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Like Car Fins, Auto Plant Tours In Detroit A Thing Of the Past

July 5, 1988

DETROIT (AP) _ British comedienne Tracey Ullman was in town recently looking for a slice of life of the Motor City - an auto plant tour.

For a look under the industry’s hood, she would have had better luck in Linden, N.J., or Bowling Green, Ky. Auto plant tours in Detroit have gone the way of car fins. The only tour a publicist could arrange quickly was too far from the city to fit into Ullman’s schedule.

The downscaling of the American auto industry following the energy crisis of the 1970s and the foreign import influx helped spell the end of many tours. Company executives deemed the public relations value of ferrying senior citizens and Boy Scouts through their plants to be expendable.

Today, there are no public tours of auto assembly plants within the city, officials of the Big Three automakers say. Some tours are available at plants in nearby Flint, Pontiac and Ypsilanti.

That is a letdown for visitors to the automotive capital of North America. Ullman, for instance, was hoping to do research for her syndicated television program ″The Tracey Ullman Show.″

″I think they’re surprised and somewhat disappointed,″ said Mary Ellen McCormick, program planner for Detroit Upbeat, a company offering tours of the area. ″So we attempt to show as much of the auto influence by showing the auto baron mansions and by driving past some of the plants.″

″We’re very much up a creek with auto plant tours,″ she said.

Plant closings in the area have left little for visitors to see.

Tours at General Motors Corp.’s Fleetwood Cadillac plant were discontinued before it closed in December and tours at GM’s Fiero plant in Pontiac will end soon because that facility is scheduled to close this year.

One of the area’s most popular auto plant tours used to be Ford Motor Co.’s massive Dearborn Rouge complex. The tours were the idea of company founder Henry Ford. There, visitors could see raw materials entering one end of the plant and the finished product driven out the other.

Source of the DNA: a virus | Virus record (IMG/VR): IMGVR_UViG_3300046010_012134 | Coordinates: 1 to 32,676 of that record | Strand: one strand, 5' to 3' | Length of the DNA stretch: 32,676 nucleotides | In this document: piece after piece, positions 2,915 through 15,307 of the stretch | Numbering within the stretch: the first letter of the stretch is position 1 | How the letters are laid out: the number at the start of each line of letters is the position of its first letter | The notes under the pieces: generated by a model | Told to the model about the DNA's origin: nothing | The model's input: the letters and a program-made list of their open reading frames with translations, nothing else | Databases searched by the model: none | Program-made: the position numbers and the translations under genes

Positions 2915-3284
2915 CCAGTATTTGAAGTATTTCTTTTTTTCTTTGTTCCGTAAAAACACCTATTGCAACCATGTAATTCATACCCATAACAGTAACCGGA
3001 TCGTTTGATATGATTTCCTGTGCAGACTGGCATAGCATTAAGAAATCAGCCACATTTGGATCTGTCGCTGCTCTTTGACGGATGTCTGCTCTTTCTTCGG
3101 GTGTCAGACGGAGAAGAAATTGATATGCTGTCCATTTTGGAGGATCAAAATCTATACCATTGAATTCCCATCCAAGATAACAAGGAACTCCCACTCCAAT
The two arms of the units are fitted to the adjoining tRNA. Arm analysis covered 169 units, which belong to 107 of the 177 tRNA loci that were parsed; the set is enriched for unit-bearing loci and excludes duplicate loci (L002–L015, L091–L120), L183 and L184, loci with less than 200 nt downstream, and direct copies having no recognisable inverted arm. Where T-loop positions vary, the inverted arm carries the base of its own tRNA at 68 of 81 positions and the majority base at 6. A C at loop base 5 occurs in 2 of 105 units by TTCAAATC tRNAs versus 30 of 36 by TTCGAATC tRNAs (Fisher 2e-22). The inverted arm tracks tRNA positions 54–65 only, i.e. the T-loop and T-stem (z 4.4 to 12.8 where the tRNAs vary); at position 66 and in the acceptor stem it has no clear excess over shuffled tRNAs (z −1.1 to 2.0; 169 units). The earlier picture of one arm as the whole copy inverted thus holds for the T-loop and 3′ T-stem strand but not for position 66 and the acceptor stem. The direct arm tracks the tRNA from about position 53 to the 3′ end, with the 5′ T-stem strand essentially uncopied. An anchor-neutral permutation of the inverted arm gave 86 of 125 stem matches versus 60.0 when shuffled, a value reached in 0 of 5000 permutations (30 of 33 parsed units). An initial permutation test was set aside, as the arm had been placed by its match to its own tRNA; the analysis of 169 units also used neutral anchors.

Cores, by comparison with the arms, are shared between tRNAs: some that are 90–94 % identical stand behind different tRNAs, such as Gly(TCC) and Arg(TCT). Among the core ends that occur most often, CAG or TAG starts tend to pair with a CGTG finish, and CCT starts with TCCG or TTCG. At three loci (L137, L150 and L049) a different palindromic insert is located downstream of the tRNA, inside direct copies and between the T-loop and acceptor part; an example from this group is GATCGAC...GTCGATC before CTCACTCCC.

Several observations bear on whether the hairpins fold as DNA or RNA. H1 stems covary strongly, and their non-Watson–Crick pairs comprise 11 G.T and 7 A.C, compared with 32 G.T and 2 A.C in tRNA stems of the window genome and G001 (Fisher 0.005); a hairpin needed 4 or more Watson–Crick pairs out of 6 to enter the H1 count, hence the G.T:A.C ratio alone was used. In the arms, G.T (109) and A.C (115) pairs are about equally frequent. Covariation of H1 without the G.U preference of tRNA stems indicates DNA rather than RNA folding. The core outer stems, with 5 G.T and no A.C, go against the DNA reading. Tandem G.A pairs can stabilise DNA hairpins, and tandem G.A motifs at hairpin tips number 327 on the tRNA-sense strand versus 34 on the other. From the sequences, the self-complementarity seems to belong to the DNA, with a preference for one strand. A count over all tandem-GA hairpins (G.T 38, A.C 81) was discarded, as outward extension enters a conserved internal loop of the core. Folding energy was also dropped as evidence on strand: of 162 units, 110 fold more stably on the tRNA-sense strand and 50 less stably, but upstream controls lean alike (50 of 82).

″You could see the ore boats pull up and the steel being made and then go to the assembly plant and see it put together,″ said Tom Kish, Ford special projects administrator.

Rouge tours were discontinued in the early 1980s, but that hasn’t ended requests for a look-see at the facility, which now produces the Mustang.

″I get people who call and say, ’I toured your Rouge plant years ago and it was wonderful. Now I want to show my grandchildren,‴ Ford spokeswoman Judith Muhlberg said.

Ford is considering resuming tours at Rouge and at assembly plants near Detroit in Wayne and Wixom, Ford spokesman Jim Maxwell said.

Most Detroit visitors looking for an auto plant tour are directed to General Motors Corp.’s Buick City plant in Flint, said Colleen Robar, of the Metropolitan Detroit Convention & Visitors Bureau.

There visitors can see the Buick LaSabre assembled during a 90-minute walking tour that includes stops at the stamping area, trim shop, body shop and final assembly area.

About 50,000 people a year tour the plant, said Marcia McGee, of GM’s Flint Automotive Division.

Outside Detroit, General Motors maintains an aggressive tour program. About six months ago, 30,000 people toured the Linden, N.J., plant in two days after a $300 million, one-year modernization was completed.

Family members of plant employees, neighbors of the facility and auto dealers were invited to visit the plant, which had been converted to build the Chevrolet Corsica and Beretta, said Mark Leddy, spokesman for GM’s Chevrolet- Pontiac-Canada group.

He said all of the 26 plants in the C-P-C group offer some form of public tours.

Chrysler plant tours were a victim of spending cutbacks in the late 1970s and early 1980s, Chrysler spokesman Douglas E. Nicoll said.

The No. 3 automaker still arranges tours for automotive-related groups, including representatives from competing car companies. Occasional groups of students from abroad also visit Chrysler plants, he said.

No tour policy has been established at the Detroit area’s only Japanese auto plant, owned by Mazda Motor Corp. Some community groups have toured the plant, which opened in September in Flat Rock, south of Detroit, company spokesman Jim Gill said.

Those who help organize tours defend their value, saying they polish a company’s image and boost employee morale in plants hosting visitors. Ford and GM use volunteers from the factory floor to conduct many tours.

″There’s a great deal of pride in opening up your plant,″ Ford’s Muhlberg said. ″People are amazed at the process of making an automobile. It probably has a public relations value that can’t be quantified.″

End Adv Tuesday July 5

Y-06-29-88 1318EDT